peek-char equivalent in order to stay even remotely sane. Because a
- might start off
-123 ;; a number
-test ;; a symbol starting with -
- ;; a symbol composed entirely of -
Unless it's acceptable that users can't enter negative number literals, you have to deal with this ambiguity. I don't think it's acceptable, but the only way it would be was if we had a specific negation procedure. And that semi-leads us into part one of what I'm considering right now.
The ROI of Variadic Functions
In the vast majority|2| of LISP interpreters available today, you can do this:
> (- 5) -5 > (- 5 6) -1 > (- 5 6 7) -8 >
That's right. The built-in
- function dispatches on the number of arguments it receives to determine its behavior. If you pass it one argument, it acts as negation, if you pass it two, it's vanilla subtraction, and if you pass it more, it acts like a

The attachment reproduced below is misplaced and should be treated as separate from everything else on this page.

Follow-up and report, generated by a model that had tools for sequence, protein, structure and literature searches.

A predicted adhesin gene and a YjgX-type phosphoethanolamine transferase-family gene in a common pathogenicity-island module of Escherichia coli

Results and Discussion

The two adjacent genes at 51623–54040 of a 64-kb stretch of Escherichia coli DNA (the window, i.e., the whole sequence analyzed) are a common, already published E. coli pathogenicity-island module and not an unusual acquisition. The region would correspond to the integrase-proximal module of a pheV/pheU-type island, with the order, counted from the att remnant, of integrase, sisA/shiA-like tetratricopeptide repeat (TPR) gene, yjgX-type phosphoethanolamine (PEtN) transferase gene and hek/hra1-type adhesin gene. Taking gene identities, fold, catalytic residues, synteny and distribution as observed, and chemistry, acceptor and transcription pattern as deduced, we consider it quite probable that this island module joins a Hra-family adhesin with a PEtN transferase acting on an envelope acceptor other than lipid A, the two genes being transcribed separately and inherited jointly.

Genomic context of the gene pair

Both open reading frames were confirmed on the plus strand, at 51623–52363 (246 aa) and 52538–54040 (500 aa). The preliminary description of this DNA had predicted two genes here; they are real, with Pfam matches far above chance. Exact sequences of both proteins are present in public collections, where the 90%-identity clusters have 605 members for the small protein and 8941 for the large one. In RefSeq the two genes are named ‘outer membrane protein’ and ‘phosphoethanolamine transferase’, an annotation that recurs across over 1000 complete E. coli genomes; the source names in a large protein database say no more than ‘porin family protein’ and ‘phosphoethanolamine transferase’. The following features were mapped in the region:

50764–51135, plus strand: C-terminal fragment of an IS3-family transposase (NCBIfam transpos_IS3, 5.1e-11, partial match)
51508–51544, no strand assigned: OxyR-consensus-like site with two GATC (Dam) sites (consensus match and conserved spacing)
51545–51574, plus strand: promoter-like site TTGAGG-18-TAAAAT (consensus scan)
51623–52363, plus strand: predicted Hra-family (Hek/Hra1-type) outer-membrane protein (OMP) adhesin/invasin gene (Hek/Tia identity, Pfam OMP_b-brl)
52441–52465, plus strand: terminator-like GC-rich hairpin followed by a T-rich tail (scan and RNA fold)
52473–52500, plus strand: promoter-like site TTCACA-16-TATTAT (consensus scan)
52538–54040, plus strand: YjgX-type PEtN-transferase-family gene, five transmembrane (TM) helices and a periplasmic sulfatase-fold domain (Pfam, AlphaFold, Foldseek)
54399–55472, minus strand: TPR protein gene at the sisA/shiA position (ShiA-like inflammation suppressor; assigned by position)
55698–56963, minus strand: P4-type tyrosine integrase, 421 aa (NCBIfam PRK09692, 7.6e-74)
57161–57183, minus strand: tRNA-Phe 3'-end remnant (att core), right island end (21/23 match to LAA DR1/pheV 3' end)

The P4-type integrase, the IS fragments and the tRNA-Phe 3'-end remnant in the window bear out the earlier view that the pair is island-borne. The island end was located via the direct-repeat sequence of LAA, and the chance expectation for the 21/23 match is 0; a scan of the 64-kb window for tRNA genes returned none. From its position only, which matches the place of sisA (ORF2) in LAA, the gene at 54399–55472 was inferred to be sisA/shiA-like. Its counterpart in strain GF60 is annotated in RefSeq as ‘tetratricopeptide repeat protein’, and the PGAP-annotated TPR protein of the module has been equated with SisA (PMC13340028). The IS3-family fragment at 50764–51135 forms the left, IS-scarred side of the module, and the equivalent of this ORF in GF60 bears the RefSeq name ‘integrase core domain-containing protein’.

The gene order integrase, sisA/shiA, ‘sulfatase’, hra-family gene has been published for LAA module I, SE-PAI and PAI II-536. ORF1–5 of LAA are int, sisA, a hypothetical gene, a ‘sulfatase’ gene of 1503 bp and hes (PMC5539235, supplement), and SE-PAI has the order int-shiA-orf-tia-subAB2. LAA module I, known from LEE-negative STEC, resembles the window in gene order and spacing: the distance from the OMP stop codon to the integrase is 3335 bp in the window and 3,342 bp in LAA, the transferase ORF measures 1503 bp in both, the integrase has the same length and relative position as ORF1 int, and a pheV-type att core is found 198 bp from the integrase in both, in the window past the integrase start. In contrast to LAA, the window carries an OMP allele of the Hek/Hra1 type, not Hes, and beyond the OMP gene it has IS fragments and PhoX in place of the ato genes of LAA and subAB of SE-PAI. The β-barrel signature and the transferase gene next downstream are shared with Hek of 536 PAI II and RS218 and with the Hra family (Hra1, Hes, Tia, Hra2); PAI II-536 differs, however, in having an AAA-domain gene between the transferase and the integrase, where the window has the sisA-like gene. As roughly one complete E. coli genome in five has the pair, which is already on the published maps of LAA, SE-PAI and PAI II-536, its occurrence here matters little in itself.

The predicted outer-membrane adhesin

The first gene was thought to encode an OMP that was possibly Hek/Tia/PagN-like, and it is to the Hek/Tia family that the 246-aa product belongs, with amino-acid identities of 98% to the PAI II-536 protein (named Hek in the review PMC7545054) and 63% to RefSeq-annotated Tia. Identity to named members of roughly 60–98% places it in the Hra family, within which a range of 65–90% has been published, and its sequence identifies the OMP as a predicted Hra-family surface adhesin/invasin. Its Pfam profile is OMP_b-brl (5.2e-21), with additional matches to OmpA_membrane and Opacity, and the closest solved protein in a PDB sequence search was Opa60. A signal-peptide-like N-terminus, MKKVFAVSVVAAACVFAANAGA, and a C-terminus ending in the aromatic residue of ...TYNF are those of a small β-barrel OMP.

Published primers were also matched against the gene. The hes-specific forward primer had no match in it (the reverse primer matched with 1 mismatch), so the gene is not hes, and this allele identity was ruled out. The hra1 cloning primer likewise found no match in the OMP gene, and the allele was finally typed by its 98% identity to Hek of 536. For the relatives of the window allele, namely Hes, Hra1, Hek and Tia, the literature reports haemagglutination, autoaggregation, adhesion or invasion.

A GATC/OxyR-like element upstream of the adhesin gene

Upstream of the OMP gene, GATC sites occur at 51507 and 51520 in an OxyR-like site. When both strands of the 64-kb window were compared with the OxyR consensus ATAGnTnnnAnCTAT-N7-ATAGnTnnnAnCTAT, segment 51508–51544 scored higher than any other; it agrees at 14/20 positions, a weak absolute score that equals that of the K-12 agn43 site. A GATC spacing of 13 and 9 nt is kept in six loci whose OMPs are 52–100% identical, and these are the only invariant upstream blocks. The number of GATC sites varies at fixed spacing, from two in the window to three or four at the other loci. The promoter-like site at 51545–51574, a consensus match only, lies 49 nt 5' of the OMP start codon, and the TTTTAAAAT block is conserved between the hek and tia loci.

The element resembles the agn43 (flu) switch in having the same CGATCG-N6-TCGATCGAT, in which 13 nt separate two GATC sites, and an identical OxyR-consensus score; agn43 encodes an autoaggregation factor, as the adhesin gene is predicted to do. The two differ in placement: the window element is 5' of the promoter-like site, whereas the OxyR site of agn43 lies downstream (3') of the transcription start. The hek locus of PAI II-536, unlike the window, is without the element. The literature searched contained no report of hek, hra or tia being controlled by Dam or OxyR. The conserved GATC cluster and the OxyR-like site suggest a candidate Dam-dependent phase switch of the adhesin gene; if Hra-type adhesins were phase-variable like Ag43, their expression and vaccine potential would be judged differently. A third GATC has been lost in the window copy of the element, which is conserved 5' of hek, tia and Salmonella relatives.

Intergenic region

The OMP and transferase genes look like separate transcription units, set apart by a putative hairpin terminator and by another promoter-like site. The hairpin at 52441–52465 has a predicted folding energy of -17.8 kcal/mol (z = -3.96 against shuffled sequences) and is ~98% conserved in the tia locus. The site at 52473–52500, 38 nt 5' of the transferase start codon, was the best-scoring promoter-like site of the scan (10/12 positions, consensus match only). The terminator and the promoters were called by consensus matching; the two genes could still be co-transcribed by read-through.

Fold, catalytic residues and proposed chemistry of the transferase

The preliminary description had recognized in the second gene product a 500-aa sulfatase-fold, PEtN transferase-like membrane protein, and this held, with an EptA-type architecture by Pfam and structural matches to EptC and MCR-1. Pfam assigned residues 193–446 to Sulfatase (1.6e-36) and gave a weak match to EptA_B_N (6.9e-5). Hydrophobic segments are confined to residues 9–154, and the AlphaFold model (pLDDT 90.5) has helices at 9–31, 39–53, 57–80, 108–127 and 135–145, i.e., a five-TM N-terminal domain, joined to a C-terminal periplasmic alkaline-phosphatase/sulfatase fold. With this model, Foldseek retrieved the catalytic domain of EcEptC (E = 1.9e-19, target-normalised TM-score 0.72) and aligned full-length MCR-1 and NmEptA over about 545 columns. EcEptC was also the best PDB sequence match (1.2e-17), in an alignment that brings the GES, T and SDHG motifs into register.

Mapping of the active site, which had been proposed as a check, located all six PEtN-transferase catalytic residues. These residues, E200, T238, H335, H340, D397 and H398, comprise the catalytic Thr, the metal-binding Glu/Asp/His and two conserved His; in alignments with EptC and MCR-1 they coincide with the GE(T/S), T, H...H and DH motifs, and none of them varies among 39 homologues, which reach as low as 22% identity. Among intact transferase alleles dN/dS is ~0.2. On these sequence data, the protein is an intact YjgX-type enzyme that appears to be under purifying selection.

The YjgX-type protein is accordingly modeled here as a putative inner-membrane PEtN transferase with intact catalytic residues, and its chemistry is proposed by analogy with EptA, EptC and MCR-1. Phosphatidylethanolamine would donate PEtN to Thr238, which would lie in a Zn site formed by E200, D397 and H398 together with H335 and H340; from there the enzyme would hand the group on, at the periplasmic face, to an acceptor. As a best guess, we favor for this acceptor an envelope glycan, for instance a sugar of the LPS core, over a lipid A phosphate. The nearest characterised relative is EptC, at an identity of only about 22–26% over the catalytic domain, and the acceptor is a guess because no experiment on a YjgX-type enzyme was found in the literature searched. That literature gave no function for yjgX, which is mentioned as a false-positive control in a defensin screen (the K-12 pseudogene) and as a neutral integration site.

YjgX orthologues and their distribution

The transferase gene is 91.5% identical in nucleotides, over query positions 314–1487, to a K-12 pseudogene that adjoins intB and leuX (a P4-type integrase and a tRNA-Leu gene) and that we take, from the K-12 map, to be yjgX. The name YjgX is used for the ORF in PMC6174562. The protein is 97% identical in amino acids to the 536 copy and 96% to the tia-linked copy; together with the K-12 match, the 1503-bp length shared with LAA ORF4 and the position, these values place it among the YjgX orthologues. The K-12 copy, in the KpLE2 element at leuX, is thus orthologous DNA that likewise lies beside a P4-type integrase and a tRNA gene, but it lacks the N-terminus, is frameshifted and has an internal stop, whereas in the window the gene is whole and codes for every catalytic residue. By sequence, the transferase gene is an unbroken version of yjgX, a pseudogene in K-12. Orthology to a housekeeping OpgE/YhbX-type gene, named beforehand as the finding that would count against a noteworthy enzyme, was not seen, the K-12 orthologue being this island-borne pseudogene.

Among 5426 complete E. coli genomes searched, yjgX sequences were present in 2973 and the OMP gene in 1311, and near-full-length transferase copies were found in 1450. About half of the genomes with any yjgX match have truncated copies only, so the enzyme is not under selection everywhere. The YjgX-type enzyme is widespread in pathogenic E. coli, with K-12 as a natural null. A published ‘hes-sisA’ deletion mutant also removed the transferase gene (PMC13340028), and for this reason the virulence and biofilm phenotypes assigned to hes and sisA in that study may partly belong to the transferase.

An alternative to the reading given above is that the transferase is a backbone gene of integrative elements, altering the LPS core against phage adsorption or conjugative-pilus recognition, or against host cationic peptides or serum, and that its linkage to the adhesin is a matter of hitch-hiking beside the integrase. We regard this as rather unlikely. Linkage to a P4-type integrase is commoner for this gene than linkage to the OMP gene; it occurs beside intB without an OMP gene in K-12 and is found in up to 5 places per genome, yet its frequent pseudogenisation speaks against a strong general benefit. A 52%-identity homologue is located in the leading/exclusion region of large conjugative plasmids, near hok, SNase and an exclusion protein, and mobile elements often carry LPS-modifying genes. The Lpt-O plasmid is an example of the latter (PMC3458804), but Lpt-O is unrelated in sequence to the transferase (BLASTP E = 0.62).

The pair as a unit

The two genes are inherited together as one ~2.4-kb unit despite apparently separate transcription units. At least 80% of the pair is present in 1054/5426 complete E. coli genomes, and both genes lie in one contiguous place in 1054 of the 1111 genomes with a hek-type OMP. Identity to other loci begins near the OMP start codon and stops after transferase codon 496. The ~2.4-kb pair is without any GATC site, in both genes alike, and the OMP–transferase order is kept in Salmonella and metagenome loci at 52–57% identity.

- over the arguments, starting with the first one as the memo.
It's not just LISPs either. Most languages let you write negative number literals by putting a dash in front of the number. Whether it's by fucking with their reader hard enough to make the arithmetic operations language keywords rather than potentially infix functions, or by providing a variadic minus function. The only exception I can think of is Standard ML, in which
- is a binary infix function, and there exists a separate negation function represented by
The reason I'm thinking hard about whether to pull shenanigans like this is that variadic functions cost you some easy composition at the low level.